Junior Cert
Higher Maths
Junior Cert Maths 2003:
The Exam consists of two papers with 6 questions on each paper. Students
must attempt all 6 questions. There are a total of 300 marks per paper.
Each question will be worth 50 marks and will be divided into 3 sections
(a), (b), (c). The sections will be marked as follows (a) 10 marks,
(b) 20marks (c) 20 marks.
The structure of the exam is similar to the Leaving Cert but unfortunately
for Junior Cert students there is no choice you must attempt all questions.
Junior Cert Higher MathsPaper 1:
According to the only official sample paper the layout is as follows.
Question 1: Arithmetic;
Percentages, Profit and Loss, possible currency calculations and Income
Tax and Tax Credits calculations. (Definitely) as they are on the course
for the first time in 2003.
Question 2: This question seems to involve Sets and
a test as to how much you know about your calculator. The will definitely
try to catch you out by mixing addition/subtraction and multiplication/division
in the same question.
Example . Try this using your calculator .Did you
get 15 as an answer? You will, if you do the following . The correct
answer is 3.
So why does the calculator give the wrong answer? The calculator is
programmed to always multiply and divide before it adds or subtracts
(Bomdas). So the calculator did exactly what you told it to do .You
should have done the following
. You will also be asked to give answers to a given number of decimal
places and to work with indices.
The calculator keys needed for this question are
Question 3:
Algebra. This question should be very similar to question 3 of the Pre
2003 Junior Cert Higher maths exam. A bit of everything. (i) Solve an
equation, (ii) write one thing in terms of another (iii) solve a quadratic
equation you will probably have to use the formula so solve the equation,
in the past they have included a change of variable problem as well.
Question 4:
More Algebra The emphasis here may be on factors and a word problem
involving a quadratic equation.
Question 5:
More algebra, may also include the graph of a quadratic function and
some questions based on the graph.
Question 6: Even More Algebra!
The sample paper seems to concentrate on inequalities and simultaneous
equations. They also ask some questions on a given graph of a quadratic
function (very similar questions were asked on the past leaving cert
in the mid 1990's)
Not on the Course: Sum or difference of two cubes or quadratic inequalities
or logs.
Junior Cert Higher Maths 2003  Paper 2.
Question 1: Area and Volume.
They will definitely ask a question about the perimeter (perimeter was
technically not on the old course) .The rest of the question will be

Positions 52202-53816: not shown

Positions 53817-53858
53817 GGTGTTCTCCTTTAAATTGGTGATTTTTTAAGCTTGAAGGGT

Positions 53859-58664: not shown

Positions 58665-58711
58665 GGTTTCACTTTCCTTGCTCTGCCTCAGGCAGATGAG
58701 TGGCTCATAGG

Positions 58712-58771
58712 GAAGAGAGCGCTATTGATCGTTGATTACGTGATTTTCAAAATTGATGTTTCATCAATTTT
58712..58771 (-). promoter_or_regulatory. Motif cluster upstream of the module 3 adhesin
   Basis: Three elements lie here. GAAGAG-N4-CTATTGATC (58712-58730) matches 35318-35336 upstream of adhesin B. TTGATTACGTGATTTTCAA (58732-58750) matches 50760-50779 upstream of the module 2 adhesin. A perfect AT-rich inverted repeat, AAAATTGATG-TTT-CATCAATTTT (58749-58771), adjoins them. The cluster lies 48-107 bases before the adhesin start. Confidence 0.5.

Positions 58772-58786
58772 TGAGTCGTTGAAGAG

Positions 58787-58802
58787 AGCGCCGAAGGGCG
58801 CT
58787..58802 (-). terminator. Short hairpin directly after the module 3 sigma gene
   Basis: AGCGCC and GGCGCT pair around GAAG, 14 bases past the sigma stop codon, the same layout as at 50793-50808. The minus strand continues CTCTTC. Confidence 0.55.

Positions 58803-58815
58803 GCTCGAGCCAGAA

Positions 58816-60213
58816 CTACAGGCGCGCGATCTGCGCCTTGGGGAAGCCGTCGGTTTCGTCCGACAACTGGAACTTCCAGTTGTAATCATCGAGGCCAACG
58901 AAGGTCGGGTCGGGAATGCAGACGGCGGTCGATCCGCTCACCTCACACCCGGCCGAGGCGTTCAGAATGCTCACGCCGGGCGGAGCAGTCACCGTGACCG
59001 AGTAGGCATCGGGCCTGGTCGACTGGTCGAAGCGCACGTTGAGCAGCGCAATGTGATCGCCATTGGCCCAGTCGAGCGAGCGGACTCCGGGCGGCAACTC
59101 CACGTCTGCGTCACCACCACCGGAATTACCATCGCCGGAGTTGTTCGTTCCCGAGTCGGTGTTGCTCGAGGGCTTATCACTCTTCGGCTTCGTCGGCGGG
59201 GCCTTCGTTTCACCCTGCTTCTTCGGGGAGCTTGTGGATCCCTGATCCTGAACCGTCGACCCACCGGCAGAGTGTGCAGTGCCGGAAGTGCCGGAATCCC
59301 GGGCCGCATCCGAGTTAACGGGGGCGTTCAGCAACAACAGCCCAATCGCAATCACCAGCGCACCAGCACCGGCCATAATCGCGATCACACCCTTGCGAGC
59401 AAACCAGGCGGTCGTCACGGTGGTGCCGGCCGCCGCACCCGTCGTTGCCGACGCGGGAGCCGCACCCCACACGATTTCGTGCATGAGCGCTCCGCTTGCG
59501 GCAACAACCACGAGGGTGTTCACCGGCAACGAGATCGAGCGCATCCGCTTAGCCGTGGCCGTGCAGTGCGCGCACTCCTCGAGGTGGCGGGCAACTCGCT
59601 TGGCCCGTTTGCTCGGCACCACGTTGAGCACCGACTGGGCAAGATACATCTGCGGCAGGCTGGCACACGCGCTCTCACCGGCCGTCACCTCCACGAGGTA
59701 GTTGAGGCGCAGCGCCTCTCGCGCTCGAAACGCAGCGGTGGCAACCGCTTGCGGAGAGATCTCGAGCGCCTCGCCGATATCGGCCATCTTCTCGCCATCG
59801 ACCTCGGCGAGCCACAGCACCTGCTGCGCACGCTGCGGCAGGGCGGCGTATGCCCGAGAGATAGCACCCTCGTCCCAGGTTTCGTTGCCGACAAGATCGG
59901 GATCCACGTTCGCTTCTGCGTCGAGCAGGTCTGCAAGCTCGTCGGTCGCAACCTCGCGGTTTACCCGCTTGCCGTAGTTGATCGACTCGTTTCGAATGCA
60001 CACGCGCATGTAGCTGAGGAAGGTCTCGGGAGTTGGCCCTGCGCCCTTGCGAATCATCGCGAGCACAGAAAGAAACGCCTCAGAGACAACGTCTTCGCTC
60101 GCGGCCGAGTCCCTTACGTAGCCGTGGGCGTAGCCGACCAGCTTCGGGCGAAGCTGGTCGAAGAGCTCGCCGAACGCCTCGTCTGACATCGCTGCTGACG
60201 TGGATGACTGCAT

based on Cones, cylinders and spheres. It should be very similar to
what was asked on the old course (practice using pre 2003 exam papers).
Question 2: Coordinate Geometry of the Line.
You will be tested on you knowledge of and ability to use the (four)
Coordinate Geometry Formula. The syllabus for 2003 is slightly shorter
than the previous years not on the course for this year are (i) The
Coordinate Geometry formula for the area of a triangle ( ). (ii) To
find the image of a line by a translation. These should be kept in mind
if you are using pre 2003 papers for practice.
Question 3: Geometry.
This will be the main geometry Question
They will ask you to prove a theorem more than likely using congruent
triangles. You may also be asked to construct a triangle or a parallelogram.
The sample paper is a bit all over the place with regards to Geometry
but I have a feeling they may stick to a format similar to the old course.
Question 4: Geometry.
The sample paper did not indicate that two theorems would be examined
but it is likely that in this question the will ask you to prove one
of the last 5 theorems.
Question 5: Trigonometry
This is the first year that calculators will be allowed in the Junior
Cert .If the examiners take the same route as they did when calculators
were introduced for the Leaving Cert you can expect a lot of the question
to be based on a right angled triangle. Use of the Sine rule will also
be examined.
Question 6: Statistics.
This should be the easiest question on the paper .It should be very
similar to what was asked on the old course ie Bar Charts, Pie Charts,
Histograms, Mean, Median of a frequency table.
A Note on Geometry.
According to the syllabus you can be asked to prove any one of 9 specified
theorems. They also seem to require that the theorems be proved using
only material (and no other material) that is on the new Junior Cert
Syllabus.This is strange and most suspect from a pure maths point of
view.
You can also be asked to know what 16 theorems say and be able to answer
questions based on what the theorems say.
Paper 1
Essentials: Questions Asked
Higher
This section contains 10 questions, which usually follow the following
format:
(a) 3/4 questions on Algebra,
Rules for Algebra